I Just Won’t Do It

I won’t eat green eggs and ham. I also won’t eat a goat. I know that makes me a picky eater. However, there are some things I simply will not do, and as you can see, I have provided some simple examples.

I will dance in the rain (with the right person). I will try new experiences and foods. However, like most people, I have limits to what degree of adventure I will experience.

So when Beloved came in with long, dark rectangular items after a trip to the market, I was curious. To be fair, I didn’t think they were food. They looked more like a fuel source to my uneducated eyes. Beloved said they were chicken. Fresh chicken that has been pounded into a paste, seasoned, and then cooked over an open fire.

Beloved put away the rest of his shopping and returned to the unusual chicken presentation. He said they felt like bark, looked a bit like pieces of bark as well. They were dry and slightly crumbly.

Before I knew it, Beloved took a healthy-sized bite out of the meat. Of course, he ran to the think and spat it out right away before getting a huge drink. He proclaimed it too dry and too seasoned for his delicate palate.

Later on, while talking with some locals, we discovered you are supposed to re-hydrate this chicken and put it in a stew or a soup. The problem is, for Beloved, that chicken is now ruined to the point where he cannot see himself trying it in anything. I guess there are things he won’t do as well! How about yourself?


I have a friend who believes everything happens for a reason. Everything. If it rains one day and you happen to not be prepared for that so you end up being soaked to the skin, she believes this happens for a reason. Typically something along the lines of: this reminds you how amazing the simple comforts of warmth and dry clothes are, which in turn allows you to appreciate these more.

A few days ago I experienced something that was a first time for me. Not only was it horrific, I couldn’t understand why the outcome went the way it went. Which in turn made me wonder what was the purpose of the experience and the specific outcome. What was I supposed to do with all of this?

But I get a little ahead of myself. Let me back up and explain things a bit better. You see while I was working on a project, I needed to travel to a fairly remote place for research. Nothing odd there. In order to get here I needed to be, I hired a local driver well experienced with the primitive roads and intense conditions. I figured I could use the time to review notes and such.

We started out in full sunshine, a bright, lazy day stretching endlessly ahead I had thought as I pulled out my notes. At some point it started to rain. Pounding, driving rain which made visibility a challenge never mind the ability to maintain control of the vehicle. But somehow we carried on driving forward and I went back to my notes.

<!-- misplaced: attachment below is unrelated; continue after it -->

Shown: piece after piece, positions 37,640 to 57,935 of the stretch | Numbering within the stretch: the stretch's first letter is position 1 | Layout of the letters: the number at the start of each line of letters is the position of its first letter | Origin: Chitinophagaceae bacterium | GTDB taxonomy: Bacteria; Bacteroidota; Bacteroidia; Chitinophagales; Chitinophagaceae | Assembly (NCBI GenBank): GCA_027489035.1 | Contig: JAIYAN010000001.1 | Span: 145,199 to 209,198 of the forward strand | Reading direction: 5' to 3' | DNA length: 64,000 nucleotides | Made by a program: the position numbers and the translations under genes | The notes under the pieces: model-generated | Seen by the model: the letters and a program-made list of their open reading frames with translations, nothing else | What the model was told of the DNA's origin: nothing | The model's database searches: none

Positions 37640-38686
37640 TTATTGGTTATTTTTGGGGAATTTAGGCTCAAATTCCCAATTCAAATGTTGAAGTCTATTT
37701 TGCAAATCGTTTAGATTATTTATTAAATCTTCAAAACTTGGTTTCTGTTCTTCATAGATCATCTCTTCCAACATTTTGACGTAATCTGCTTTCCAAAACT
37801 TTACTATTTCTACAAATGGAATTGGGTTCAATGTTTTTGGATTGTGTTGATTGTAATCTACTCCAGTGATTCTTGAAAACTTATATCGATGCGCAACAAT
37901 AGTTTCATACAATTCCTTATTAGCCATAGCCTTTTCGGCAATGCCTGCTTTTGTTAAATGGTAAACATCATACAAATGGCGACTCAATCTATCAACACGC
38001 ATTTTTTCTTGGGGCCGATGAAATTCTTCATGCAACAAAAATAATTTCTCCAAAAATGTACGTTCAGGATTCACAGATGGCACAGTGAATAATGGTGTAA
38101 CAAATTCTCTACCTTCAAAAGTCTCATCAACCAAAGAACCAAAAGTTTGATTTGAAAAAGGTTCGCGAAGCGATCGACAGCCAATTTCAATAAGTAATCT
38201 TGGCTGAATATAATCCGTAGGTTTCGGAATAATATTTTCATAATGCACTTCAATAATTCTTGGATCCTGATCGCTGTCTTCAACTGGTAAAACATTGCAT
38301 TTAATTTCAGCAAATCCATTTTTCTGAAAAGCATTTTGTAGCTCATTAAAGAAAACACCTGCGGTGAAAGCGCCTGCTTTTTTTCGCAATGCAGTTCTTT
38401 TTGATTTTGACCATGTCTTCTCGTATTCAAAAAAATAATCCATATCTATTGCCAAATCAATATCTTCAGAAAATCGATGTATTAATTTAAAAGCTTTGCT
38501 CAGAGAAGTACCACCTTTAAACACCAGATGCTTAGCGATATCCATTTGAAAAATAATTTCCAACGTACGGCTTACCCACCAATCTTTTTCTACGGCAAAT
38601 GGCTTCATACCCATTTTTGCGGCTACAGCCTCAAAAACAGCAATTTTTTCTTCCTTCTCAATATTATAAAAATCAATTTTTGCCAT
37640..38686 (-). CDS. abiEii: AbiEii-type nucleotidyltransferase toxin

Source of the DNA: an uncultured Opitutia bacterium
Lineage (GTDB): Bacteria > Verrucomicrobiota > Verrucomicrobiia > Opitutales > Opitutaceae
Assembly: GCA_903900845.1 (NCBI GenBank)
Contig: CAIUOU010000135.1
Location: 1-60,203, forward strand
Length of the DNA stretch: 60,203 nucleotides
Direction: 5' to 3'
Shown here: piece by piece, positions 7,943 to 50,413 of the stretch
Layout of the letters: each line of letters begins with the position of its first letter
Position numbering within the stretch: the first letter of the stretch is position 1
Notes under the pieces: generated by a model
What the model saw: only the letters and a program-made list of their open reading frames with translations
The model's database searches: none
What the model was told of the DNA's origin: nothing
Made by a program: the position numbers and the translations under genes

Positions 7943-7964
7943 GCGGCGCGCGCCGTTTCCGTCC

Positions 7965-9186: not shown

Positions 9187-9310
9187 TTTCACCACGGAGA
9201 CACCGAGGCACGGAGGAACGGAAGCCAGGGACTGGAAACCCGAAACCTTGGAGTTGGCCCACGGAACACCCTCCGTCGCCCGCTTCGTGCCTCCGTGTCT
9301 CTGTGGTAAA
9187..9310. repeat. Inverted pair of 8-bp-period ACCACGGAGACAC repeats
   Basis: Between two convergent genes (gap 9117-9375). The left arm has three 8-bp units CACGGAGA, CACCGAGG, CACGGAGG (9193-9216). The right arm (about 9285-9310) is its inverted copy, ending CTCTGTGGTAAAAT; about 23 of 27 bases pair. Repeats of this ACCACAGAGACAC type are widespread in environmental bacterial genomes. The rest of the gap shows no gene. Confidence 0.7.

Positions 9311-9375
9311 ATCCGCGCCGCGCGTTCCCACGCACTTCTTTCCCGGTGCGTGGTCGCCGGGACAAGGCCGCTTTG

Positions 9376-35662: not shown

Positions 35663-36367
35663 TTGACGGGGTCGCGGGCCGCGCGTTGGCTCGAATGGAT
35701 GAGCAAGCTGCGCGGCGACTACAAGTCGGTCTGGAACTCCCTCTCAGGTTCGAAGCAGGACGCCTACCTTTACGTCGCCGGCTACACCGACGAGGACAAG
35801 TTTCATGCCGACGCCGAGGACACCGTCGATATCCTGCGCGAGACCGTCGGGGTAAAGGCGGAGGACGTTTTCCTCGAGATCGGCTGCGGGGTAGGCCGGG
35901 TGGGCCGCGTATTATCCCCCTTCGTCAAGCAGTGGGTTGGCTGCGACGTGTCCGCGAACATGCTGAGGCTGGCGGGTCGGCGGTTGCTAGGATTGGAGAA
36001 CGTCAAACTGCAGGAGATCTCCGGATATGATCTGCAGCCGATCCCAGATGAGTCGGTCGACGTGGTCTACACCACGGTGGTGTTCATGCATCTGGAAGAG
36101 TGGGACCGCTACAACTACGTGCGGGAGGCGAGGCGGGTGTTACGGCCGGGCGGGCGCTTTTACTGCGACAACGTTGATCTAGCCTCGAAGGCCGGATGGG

Perhaps if I hadn’t been so absorbed in my task, I could have seen what was about to happen before it occurred. But I was too absorbed, so one moment I was reading my notes and the next I realized that we no longer on the road and heading straight for a very deep ditch. At the same time the car could not maintain balance any longer.

It rolled and flipped as we carried onto the ditch, landing back on it’s tires with a few new dents and cracks in places. That was it. And I walked away with a few sore spots, but otherwise fine. The same with my driver.

Some how this seems odds to me, as if I should have been seriously hurt, but I wasn’t. And what does that mean? Did we get lucky? I know the driver was seasoned and didn’t panic etc. Was that what kept me from being hurt or killed? I don’t know.

I don’t recommend having this type of experience to get of your own head, to see the bigger picture. It’s something that still leaves me a bit shaky at times. And for some reason I feel like I need to have this mean something which is a flipped way of thinking for myself too.

Rolling Away From Anger Towards Gratitude And Appreciation

Someone Beloved knows from years ago was recently in the media discussing the importance of enjoying the little things in life while having gratitude for each moment.  We didn’t catch the live segment but a friend from Beloved’s home sent him a link to the recorded discussion.

In between rain storms and my need to rest, Beloved decided to listen to the discussion. He wasn’t expecting anything ground breaking or such from it.  He was just curious, idly so as he out it, because when he knew him, Beloved would not have suspected the boy to grow into a man discussion gratitude or appreciating the little things.  In fact when Beloved knew him best, he was an angry young man who was at war with himself and the rest of the world.

Beloved was curious as to what would bring about such a change, what life experiences had provided him these lessons.  It turns out a horrible car accident initiated the experiences which in turn taught the lessons.

A car accident which resulted in paralysis in basically the blink of an eye.  He indicated in the discussion that a spinal injury can prevent the body from properly regulating temperature.  He said a spinal injury can make you wish you could feel the rain against your legs when a summer squall suddenly popped up.  Being paralysed and dependent upon others helped him to relearn that life is made up of moments of rainbows and gentle breezes, the trick is to enjoy it all as best as you can.